Syrian death toll tops 350,000 but Putin’s bombers continue to rain death from the skies
The Syrian Observatory for Human Rights, a UK conflict monitor which tracks death tolls using a network of contacts inside the war-ravaged country, added that the unofficial death toll could be as high as 500,000, but that only 350,000 bodies had been formally identified.
The remainder 150,000 were cases where the Observatory knew deaths had occurred but did not know the victims’ names.
Around 85 per cent of the dead were killed by the forces of the Syrian government and its allies – chiefly Russia - the Observatory said.
A statement read: “Some 353,935 people have been killed since March 15, 2011, including 106,390 civilians and 19,811 children.”
But as the civil war enters its eighth year, Syrian leader Bashar al-Assad and his ally Russian President Vladimir Putin appear unwilling to stop the fresh wave of clashes triggered by Russian-backed government forces bent on driving out Islamist factions from the rebel-held enclave of eastern Ghouta.
Vladimir Putin has deployed fearsome array of strike aircraft, attack helicopters and bombers to Syria.
The nuclear capable Tu-160 - a supersonic heavy strategic bomber which is the largest combat aircraft in the world.
It carries nuclear-tipped or cruise missiles to devastating efffect.
The ‘Russian Black Hawk’ Mi-28 two-seat anti-tank attack helicopter, capable of operating in all weather conditions, day or night.
The 1500-mph Su-30 multirole fighter for all-weather, air-to-air and air-to-surface deep interdiction missions.
The formidable SU-35 fighter jet which can achieve almost three times the speed of sound.
The Tu-22M 1,400 mph supersonic, long-range strategic and maritime strike bomber
Calls from world leaders including Germany’s Angela Merkel and France’s Emmanuel Macron for an end to the violence have been widely ignored, despite a United Nations Security Council resolution demanding a 30-day ceasefire “without delay”.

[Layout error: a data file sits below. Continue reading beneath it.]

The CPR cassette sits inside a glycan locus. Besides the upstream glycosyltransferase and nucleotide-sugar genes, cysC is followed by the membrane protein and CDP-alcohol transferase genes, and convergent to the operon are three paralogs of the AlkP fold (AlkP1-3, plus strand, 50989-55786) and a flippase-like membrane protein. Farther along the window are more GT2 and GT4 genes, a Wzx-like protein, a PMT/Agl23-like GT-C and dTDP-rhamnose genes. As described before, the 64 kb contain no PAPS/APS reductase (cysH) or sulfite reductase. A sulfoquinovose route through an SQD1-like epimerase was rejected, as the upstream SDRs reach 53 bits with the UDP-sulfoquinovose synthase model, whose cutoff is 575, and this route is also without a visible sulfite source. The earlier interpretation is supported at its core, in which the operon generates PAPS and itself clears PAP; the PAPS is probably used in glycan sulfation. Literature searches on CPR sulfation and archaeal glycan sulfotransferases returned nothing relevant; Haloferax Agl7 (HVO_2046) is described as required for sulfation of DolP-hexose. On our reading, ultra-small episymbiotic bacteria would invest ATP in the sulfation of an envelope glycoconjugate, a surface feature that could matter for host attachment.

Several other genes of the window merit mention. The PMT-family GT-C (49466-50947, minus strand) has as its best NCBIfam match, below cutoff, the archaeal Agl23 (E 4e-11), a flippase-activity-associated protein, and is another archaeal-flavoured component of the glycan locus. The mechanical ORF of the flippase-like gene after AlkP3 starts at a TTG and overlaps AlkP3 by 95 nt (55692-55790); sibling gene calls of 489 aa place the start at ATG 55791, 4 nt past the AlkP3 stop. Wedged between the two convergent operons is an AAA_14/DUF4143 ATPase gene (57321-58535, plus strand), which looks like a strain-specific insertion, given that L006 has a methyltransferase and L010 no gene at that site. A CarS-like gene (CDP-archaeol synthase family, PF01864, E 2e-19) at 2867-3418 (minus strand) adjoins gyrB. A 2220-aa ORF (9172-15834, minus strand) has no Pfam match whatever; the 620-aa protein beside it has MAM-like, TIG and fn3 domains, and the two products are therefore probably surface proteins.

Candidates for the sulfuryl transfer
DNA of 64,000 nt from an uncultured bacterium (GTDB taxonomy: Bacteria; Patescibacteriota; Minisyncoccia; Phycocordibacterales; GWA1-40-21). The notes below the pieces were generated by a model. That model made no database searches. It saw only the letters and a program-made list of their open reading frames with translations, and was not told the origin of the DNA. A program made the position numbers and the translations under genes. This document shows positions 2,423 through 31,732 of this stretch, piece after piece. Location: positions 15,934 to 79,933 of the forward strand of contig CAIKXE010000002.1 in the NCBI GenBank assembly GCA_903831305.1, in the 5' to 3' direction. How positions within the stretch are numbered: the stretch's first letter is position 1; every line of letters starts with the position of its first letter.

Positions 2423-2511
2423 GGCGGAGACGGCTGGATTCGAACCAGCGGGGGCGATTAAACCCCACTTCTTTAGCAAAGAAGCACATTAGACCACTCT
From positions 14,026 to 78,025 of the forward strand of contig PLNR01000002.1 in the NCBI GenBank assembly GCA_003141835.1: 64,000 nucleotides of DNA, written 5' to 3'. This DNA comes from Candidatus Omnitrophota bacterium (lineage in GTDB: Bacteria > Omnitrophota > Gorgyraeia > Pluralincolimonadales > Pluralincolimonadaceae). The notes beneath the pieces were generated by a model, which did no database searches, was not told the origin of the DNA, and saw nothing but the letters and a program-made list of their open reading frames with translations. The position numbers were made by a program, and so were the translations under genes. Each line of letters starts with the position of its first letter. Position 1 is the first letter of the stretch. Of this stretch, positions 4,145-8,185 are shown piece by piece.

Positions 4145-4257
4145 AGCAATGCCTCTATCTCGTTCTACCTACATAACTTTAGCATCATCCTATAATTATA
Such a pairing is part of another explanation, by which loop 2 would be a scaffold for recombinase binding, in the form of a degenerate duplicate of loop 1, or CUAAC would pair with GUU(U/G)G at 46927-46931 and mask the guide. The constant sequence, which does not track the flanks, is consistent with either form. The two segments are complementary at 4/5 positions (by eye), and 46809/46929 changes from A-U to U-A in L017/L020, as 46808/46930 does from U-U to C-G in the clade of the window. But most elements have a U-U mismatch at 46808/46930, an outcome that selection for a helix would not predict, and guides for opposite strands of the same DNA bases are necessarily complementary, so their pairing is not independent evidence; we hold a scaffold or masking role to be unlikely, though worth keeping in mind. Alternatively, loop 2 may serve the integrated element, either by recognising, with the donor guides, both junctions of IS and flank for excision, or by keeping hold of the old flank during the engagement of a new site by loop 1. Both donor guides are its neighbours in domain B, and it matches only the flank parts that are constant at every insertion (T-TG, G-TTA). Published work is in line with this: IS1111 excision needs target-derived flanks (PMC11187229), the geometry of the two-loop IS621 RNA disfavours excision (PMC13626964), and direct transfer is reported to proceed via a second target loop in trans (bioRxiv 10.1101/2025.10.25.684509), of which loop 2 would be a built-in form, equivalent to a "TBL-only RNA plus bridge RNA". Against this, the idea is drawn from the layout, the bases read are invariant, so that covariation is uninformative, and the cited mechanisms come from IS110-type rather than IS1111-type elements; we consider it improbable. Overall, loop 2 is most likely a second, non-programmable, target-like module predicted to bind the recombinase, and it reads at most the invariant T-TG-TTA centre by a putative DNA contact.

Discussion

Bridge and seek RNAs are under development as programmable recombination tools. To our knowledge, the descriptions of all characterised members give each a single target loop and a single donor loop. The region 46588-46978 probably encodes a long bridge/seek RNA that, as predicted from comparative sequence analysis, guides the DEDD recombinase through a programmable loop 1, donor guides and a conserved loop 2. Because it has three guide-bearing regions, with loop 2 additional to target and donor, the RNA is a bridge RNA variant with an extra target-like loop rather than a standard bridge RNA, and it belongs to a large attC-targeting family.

The re-ignition of violence in Syria has shone a harsh spotlight on the West’s powerlessness and shrinking role in Syria, while highlighting Russia’s growing influence in the region.
In France Mr Macron came under fire from his predecessor François Hollande last night for failing to act definitively against the Russian president.
Speaking to the French daily Le Monde, the former socialist president accused Mr Macron of not exerting enough pressure on his so-called ally, saying that if France was in a position to boast about its historic ties with Russia, then it should be able to convince Mr Putin to force the Syrian government to respect the ceasefire deal.
The young centrist, for his part, denied being passive in the face of escalating Russian-backed violence in Syria, saying later on Monday that he had established a “constant and demanding dialogue” with Mr Putin and even managed to “convince” him not to use his veto power and back the ceasefire resolution.
France’s envoy to the UN François Delattre on Monday also urged Moscow to put pressure on the Syrian regime to stop the indiscriminate bombing of civilians in eastern Ghouta, saying: “Russia can stop the bloodbath”.
See today's front and back pages, download the newspaper, order back issues and use the historic Daily Express newspaper archive.
March 13, 2018
Sources: Daily Express
uo;s Buzzsaw ride.</p><p>They were trapped for more than 30 minutes at the amusement park on Queensland’s Gold Coast, it has been reported.</p><p>According to a video of the scene, staff can be heard trying to reassure the marooned passengers over the loudspeaker, saying: “You're on your way down now guys.</p><p>“Sorry for the delay guys, so sorry for the delay but you're on your way down now.”</p><p>The terrified passengers were eventually brought back down to the ground safely.</p><p>Six people were stuck on the ride when it stopped on Thursday afternoon.</p><p>A Dreamworld spokeswoman said staff stayed in contact with guests over the ride’s speaker system.</p><p>She added: “The BuzzSaw controlled stop sensors were activated today at approximately 1.40pm bringing the ride to an immediate stop.</p><p>“All of our rides are fitted with computer-operated controlled stop sensors and are an essential component of this ride's safety features. They occur for a variety of reasons, from safety sensor alignment to guest behaviour or weather.</p><p>“They are an essential built-in part of ride safety systems. As per standard operating procedures for controlled stops, the ride will be inspected by engineers and retested, before it reopens.”</p><p> See today's front and back pages, download the newspaper, order back issues and use the historic Daily Express newspaper archive. </p>